Yesterday's post comparing two different ways of presenting the same comic strip continuity generated some insightful commentary from readers. From the same sources here're two other examples placed next to each other.
The comic strip on the top was drawn by Frank McGlaughlin, the official artist for Gil Thorp, and was published a few months ago. The bottom strip is a tryout by Steve Bryant, created at the request of the Chicago Tribune.
Unlike yesterday's example, there are strong storytelling elements in both versions. The script requires three different speakers and a scene change. McGlaughlin starts out the reader in the team bus, showing us the two coaches in a discussion.
If you haven't been reading throughout the week, it may take a moment to figure out where they are. Bryant shows us the bus in transit, clearly setting the stage, but there's a trade-off. We don't know who's speaking (unless we've been reading the continuity throughout the week).
(To be fair, Bryant used the text supplied by the Syndicate. Had he been the actual artist working with the writer, it's possible that the dialogue could have been slightly tweaked so that Kaz and Gil mention each other by name.)
In McGlaughlin's version, panel 2 has Gregory sitting in the back of the bus, his pose showing he's not been humbled at all by the talking-to referred to in panel 1. He's also looking up as if seeing himself on an imaginary pedestal. His two teammates seem less than impressed.
Bryant has Gregory address the reader directly (while seeming to talk to someone off-panel). How big is Gregory's ego? Big enough to break the fourth wall! On the downside, the way Gregory and his fellow passenger are dressed give us no indication that they're members of a high school basketball team. McGlaughlin's choice of varsity jackets did the narrative a greater service in that respect.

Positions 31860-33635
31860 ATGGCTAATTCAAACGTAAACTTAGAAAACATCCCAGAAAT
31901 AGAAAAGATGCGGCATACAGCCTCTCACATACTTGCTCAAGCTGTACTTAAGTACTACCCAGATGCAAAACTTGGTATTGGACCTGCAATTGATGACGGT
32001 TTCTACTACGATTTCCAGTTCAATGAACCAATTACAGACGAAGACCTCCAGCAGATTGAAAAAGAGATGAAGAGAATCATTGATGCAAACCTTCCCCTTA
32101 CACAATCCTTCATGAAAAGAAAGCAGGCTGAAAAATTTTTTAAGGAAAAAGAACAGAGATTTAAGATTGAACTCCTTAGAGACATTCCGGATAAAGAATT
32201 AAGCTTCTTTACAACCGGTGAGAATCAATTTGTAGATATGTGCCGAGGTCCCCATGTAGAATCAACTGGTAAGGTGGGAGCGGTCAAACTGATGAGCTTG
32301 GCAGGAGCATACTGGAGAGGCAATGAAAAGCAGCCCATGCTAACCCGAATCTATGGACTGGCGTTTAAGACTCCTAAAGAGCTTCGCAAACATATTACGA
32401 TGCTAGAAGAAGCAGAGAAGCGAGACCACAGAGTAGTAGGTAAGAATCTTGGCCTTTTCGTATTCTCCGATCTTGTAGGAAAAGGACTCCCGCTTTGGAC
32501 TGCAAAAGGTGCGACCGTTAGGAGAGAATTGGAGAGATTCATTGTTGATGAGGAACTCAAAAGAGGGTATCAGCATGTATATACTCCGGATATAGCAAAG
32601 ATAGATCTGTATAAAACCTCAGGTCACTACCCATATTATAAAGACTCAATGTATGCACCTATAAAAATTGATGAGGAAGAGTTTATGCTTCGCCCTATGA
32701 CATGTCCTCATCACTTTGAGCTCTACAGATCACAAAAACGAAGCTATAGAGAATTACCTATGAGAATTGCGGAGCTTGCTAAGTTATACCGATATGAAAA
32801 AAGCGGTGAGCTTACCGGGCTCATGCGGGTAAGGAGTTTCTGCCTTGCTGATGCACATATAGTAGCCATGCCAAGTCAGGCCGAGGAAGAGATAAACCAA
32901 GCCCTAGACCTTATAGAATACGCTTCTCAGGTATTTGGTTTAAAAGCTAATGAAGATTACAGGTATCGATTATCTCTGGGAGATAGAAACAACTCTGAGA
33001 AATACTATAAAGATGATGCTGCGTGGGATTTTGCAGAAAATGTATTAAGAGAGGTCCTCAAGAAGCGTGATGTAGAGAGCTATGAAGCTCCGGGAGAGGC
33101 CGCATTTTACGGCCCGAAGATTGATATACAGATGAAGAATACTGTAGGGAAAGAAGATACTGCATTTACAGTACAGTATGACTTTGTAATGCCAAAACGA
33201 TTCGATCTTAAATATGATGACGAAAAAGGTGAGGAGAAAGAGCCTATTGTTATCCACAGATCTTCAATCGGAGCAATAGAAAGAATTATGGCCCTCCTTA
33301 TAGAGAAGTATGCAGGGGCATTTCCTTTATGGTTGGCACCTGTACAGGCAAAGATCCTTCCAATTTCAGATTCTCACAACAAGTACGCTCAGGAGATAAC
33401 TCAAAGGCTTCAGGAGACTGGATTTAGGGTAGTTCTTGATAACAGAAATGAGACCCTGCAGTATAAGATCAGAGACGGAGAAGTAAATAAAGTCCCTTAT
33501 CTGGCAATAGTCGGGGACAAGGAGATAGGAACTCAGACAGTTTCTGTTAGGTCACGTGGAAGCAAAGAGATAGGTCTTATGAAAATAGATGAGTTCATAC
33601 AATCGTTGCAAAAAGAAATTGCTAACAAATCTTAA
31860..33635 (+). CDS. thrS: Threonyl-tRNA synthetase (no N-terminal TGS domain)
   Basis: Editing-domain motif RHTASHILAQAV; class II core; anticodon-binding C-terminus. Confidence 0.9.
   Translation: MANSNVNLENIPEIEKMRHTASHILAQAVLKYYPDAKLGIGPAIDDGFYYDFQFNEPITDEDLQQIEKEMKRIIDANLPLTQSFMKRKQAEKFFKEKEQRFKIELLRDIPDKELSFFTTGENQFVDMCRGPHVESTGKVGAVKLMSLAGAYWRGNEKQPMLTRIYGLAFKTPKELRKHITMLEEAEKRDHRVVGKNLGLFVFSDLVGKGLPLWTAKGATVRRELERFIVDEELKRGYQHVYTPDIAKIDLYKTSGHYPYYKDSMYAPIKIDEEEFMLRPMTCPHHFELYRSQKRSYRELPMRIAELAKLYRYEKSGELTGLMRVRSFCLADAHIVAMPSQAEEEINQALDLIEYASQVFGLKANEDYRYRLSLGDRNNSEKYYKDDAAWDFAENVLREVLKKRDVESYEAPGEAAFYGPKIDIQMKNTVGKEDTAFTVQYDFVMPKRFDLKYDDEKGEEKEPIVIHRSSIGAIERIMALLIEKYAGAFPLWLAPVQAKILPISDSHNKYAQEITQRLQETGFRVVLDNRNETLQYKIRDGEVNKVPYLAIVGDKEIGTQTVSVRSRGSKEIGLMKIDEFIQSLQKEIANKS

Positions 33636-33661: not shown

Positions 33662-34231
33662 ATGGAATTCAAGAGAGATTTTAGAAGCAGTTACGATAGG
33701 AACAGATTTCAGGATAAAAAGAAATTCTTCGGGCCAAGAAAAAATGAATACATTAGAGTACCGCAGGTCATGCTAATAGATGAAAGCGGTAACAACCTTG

For the third panel, we have Gregory's ex-girlfriend (Maureen Monte, right) and her friend Anne Mayers (left) talking about his ego. Notice the nice arc the story provides. We start with the coaches talking about how they hope Gregory's attitude is under control, the middle panel Gregory refutes that assumption, and in the last two other people provide additional evidence to show just how conceited he really is.
McGlaughlin gives us a clear change of scene by filling in the background and showing us a girl's bedroom. The two girls, albeit drawn somewhat awkwardly, are in poses typical of teenagers lounging. Although the setting is clear, the cell phone with exhibit A (the texted scores) is kind of difficult to make out.
Bryant's far more economical in his scene change. The first two panels have frames, the last one doesn't. By drawing the girls closer in, he can show the cell phone. McGlaughlin has the girls staring off into space, which doesn't help. Are they engaged in conversation or is Anne just thinking out loud? Bryant has both girls' attention focussed on the phone, which draws our eyes to it, too.
Plus, by having the brunette dressed in a light-colored top, the phone stands out in contrast. McGlaughlin chooses to draw a black phone in front of a black sweater.
The downside to Byrant's portrayal is that we're not sure where the girls are. They could even be on another part of the bus, for that matter (letter jackets in panel 2 would have helped that somewhat). On the plus side, he breaks up Anne's lines into two connected word balloons. As mentioned yesterday, it suggests a pause in the delivery, and the second balloon's position over Maureen's head indicates that the comment came after Anne was shown the text message.
If I had to choose, I would say that Bryant's the better artist overall -- and his website shows that he's well-steeped in the comics tradition. Still, continuity strips with their many constraints present a unique set of challenges to the graphic storyteller who usually has a whole page to play with.
I'd almost call this one a draw. No pun intended.